Site Supervisor Construction Job Description

Get colorful hardhats because you're going to need them on the job.

Get colorful hardhats because you're going to need them on the job.

You can land a job as a supervisor on a construction site by working your way up from the ranks of hands-on trade workers, or you can go to school for the career. A bachelor’s degree in construction management, engineering or architecture can lead to supervisory position. You’ll learn the specifics of design, cost estimating, construction science and materials, as well as building codes and contract administration.

Training

Increasingly, employers look for certifications from the Construction Management Association or the American Institute of Constructors, in addition to degrees. When you earn a certification, you’ll be prepared for most situations you’ll encounter on the job. A certification from the Construction Management Association, for example, gives you a background in core competencies such as time management, cost estimation, quality control and safety strategies. The course work complements your formal schooling and shows employers you’ve done the work to prepare you for the job.

Liaison

You’ll be involved in the construction project from the beginning and will serve as the liaison between the company and your clients. Once the site plans are finalized, you’ll hire subcontractors to fulfill the various tasks associated with the project. Again, you’ll be the go-to-gal for those subs and your boss. You’ll be expected to solve conflicts as they arise and make sure everyone gets paid on time. When the client requests changes to the work, you’ll estimate costs and institute the orders. Additionally, you’ll be the one who coordinates work with the architect, contractors, building inspectors and engineers.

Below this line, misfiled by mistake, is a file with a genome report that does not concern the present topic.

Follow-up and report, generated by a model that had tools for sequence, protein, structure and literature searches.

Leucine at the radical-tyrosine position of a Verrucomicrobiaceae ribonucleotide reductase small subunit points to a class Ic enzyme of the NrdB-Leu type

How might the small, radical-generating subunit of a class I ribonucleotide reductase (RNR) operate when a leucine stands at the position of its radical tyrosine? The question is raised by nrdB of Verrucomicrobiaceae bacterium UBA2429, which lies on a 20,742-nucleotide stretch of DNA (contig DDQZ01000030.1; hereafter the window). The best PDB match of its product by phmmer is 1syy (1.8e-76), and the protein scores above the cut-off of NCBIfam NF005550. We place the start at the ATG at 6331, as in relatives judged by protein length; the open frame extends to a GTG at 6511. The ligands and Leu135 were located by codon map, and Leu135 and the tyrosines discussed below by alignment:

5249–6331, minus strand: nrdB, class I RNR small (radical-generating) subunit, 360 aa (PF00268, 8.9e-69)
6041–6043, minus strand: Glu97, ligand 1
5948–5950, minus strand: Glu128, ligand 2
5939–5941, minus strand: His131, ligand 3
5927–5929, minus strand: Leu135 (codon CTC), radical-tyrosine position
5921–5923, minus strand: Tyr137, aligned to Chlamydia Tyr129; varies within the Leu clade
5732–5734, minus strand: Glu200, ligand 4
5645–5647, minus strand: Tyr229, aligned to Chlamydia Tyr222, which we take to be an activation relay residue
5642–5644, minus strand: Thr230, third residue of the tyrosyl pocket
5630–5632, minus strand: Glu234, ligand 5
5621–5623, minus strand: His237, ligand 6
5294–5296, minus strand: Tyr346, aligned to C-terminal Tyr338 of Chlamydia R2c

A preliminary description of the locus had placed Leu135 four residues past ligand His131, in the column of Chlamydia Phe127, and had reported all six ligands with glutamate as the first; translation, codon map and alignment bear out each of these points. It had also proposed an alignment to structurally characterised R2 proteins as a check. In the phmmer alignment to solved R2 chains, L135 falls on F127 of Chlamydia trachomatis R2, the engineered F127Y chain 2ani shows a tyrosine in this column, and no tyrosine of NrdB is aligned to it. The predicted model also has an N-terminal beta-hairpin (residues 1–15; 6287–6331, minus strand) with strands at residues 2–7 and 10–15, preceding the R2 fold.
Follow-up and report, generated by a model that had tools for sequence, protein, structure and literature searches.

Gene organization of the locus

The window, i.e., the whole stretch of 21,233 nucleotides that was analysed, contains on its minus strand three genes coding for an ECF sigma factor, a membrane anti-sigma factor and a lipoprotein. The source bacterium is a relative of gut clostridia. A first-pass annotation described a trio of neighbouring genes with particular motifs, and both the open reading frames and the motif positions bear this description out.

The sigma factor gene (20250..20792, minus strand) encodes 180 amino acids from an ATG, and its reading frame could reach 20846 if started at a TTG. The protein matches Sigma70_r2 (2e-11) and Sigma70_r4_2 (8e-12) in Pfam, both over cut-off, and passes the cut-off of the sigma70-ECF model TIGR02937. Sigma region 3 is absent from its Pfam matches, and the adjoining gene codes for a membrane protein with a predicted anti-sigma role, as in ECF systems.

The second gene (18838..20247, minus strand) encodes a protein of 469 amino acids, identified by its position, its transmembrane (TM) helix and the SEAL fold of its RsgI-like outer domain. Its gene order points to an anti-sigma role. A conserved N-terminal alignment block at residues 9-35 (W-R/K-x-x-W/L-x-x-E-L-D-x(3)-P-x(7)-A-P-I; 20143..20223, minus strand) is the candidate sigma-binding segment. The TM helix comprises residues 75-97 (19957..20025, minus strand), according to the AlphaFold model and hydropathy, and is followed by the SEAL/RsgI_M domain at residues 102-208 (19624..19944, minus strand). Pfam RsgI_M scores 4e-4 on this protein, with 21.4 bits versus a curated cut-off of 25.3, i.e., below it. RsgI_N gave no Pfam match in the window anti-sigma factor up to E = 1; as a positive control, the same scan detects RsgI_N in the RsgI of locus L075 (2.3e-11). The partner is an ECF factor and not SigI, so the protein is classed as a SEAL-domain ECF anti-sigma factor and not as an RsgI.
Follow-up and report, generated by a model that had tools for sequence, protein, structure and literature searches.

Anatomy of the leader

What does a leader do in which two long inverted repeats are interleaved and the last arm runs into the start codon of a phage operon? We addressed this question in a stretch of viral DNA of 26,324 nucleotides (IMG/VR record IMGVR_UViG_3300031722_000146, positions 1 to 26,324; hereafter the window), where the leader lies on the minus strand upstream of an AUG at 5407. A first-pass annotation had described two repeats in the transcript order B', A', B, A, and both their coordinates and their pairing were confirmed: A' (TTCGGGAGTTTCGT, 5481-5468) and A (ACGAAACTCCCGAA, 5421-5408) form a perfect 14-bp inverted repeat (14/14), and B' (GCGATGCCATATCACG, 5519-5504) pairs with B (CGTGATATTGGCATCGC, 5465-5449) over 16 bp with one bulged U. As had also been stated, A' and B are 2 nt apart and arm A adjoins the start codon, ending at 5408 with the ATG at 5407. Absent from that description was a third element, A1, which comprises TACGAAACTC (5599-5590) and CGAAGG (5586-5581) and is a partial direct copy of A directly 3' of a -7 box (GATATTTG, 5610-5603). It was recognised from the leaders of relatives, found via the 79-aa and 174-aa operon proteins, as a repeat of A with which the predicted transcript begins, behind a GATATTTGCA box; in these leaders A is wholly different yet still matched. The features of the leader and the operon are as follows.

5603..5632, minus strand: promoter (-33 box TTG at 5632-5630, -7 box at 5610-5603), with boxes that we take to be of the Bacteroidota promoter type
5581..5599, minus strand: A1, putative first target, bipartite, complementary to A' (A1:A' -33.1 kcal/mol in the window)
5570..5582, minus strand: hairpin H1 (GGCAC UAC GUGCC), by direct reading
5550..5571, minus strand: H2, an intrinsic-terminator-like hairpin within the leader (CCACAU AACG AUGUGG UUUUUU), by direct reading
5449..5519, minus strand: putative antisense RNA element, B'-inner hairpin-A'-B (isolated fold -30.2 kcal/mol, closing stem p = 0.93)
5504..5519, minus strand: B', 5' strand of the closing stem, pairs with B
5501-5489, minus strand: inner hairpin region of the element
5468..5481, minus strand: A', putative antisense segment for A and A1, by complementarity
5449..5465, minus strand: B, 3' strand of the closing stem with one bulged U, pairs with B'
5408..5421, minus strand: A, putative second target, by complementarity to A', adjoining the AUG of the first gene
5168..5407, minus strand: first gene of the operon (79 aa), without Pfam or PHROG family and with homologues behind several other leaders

Oversight

You can expect to spend a lot of your time at the actual site, overseeing your projects. You need to make sure subcontractors and direct employees show up on time and keep work on schedule. You’ll be the one who opens the site each day and closes it down in the evening; you make the call if a site needs to stop work because of inclement weather. You make sure everyone has enough supplies and send out runners to get supplies when needed.

Decision Making

In addition to meeting inspectors and other stakeholders on the site, you’ll need to be available to make decisions when questions arise about how a certain aspect of the project should progress. Once the work begins, the site supervisor is the boss, and it’s up to you to make sure the project is done on time and within the budget. You set up meetings when necessary between the owner and the client and schedule the final walk-through of the project when it’s done.

 

About the Author

Linda Ray is an award-winning journalist with more than 20 years reporting experience. She's covered business for newspapers and magazines, including the "Greenville News," "Success Magazine" and "American City Business Journals." Ray holds a journalism degree and teaches writing, career development and an FDIC course called "Money Smart."

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